Background: Group B streptococcus is a leading cause of serious infection in young infants in many countries worldwide. We aimed to define the burden and clinical features of invasive group B streptococcal disease in infants younger than 90 days in the UK and Ireland, together with the characteristics of disease-causing isolates. Methods: Prospective, active national surveillance of invasive group B streptococcal disease in infants younger than 90 days was done from April 1, 2014, to April 30, 2015, through the British Paediatric Surveillance Unit, microbiology reference laboratories, and national public health agencies in the UK and Ireland. Early onset was defined as disease in the first 6 days of life and late onset was defined as 7–89 days of life. Incidence was calculated using livebirths in 2014 (after adjustment for the 13-month surveillance period). Isolates were characterised by serotyping, multilocus sequence typing, and antimicrobial susceptibility testing. Findings: 856 cases of group B streptococcus were identified in 2014–15, an incidence of 0·94 per 1000 livebirths (95% CI 0·88–1·00). Incidence for early-onset disease (n=517) was 0·57 per 1000 livebirths (95% CI 0·52–0·62), and for late-onset disease (n=339) was 0·37 per 1000 livebirths (0·33–0·41). 53 infants died (case fatality rate 6·2%), of whom 27 had early-onset disease (case fatality rate 5·2%) and 26 had late-onset disease (case fatality rate 7·7%). The predominant serotypes were III (241 [60%] of 402 serotyped isolates) and Ia (69 [17%]); five serotypes (Ia, Ib, II, III, V) accounted for 377 (94%) of all serotyped isolates. Interpretation: The incidence of invasive infant group B streptococcal disease in the UK and Ireland has increased since a comparable study done in 2000–01. The burden of early-onset disease has not declined despite the introduction of national prevention guidelines. New strategies for prevention are required. Funding: Meningitis Now.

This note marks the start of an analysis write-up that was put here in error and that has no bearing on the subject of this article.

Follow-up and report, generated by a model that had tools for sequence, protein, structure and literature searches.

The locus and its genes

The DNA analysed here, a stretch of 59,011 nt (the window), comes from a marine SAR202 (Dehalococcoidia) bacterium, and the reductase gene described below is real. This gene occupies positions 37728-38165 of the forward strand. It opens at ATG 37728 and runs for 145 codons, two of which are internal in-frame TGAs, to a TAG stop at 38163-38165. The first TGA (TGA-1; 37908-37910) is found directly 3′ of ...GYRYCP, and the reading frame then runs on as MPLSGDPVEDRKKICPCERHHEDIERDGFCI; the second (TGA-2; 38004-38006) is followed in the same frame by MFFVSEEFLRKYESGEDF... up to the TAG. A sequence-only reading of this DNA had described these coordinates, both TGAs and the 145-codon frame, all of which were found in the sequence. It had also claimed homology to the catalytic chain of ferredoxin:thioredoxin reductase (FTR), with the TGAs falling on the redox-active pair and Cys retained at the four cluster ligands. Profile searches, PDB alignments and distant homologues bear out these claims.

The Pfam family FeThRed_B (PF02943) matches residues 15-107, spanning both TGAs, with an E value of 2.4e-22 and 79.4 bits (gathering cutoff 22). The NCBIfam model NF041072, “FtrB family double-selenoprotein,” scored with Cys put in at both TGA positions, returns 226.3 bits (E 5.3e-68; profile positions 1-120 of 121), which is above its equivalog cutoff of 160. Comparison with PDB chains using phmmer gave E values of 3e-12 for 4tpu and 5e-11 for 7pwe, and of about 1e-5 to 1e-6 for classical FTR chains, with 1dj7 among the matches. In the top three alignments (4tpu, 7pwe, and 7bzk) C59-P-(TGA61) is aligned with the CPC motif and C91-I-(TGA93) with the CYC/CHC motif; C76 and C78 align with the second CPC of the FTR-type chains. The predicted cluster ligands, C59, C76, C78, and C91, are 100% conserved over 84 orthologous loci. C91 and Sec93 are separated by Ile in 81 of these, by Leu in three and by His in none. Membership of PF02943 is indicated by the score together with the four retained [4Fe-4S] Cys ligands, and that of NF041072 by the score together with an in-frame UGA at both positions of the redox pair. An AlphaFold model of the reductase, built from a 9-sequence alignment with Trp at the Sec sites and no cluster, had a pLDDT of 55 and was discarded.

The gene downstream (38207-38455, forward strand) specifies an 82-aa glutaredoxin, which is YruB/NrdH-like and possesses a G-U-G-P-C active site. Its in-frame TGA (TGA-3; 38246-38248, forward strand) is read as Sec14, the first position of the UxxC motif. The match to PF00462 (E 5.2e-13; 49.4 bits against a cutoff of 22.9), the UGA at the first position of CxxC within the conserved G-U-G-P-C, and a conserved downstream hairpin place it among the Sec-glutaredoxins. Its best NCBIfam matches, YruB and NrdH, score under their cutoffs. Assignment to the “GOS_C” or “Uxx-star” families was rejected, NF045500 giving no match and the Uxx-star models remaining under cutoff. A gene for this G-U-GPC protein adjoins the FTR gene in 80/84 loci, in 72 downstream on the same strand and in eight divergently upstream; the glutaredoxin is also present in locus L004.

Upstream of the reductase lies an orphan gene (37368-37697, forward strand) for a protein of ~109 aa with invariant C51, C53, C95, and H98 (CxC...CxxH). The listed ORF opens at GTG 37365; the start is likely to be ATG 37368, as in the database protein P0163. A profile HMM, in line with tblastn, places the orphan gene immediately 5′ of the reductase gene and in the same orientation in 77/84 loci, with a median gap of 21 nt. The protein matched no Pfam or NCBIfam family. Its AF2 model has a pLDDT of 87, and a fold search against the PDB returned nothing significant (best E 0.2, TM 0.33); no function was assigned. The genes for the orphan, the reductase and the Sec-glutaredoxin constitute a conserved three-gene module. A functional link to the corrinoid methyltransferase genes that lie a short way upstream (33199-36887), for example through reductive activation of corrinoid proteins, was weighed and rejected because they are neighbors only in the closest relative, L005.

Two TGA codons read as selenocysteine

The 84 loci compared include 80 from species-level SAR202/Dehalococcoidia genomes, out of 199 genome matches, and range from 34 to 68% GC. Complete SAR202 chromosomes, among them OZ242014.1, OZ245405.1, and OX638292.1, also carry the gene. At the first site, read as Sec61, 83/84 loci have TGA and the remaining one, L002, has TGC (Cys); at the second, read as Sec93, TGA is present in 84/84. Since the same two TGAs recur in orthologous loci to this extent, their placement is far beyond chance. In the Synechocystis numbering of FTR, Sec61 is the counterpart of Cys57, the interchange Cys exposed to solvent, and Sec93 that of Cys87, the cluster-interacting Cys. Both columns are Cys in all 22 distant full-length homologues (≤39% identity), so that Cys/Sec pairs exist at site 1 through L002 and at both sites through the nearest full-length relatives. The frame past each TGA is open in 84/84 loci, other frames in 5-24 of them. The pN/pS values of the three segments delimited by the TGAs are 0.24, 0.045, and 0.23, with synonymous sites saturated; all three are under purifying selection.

Bibliographical noteFunding Information:
The study was funded by a grant from Meningitis Now. We would like to acknowledge the British Paediatric Surveillance Unit, and all the paediatricians, neonatologists, and microbiologists who have assisted in the study. Additionally, we would like to acknowledge Nader Mozakka, Bevan Loon, and Nick Hinton (Public Health England); Diogo Marques and Ross Cameron (Health Protection Scotland); Stephen Murchan (Health Protection Surveillance Centre); Marian Knight and Melanie O'Connor (UK Obstetric Surveillance System); Shrey Mathur and Maxine Ng (St George's Paediatric Infectious Diseases Research Group); and Sandra Morgan (Irish Meningitis and Sepsis Reference Laboratory). We also acknowledge Chenchal Dhami, Roger Daniel, and Karen Broughton for serotyping and DNA extraction, and Sophie Compton and Rachel Pike for assistance with inducible resistance testing (Public Health England).
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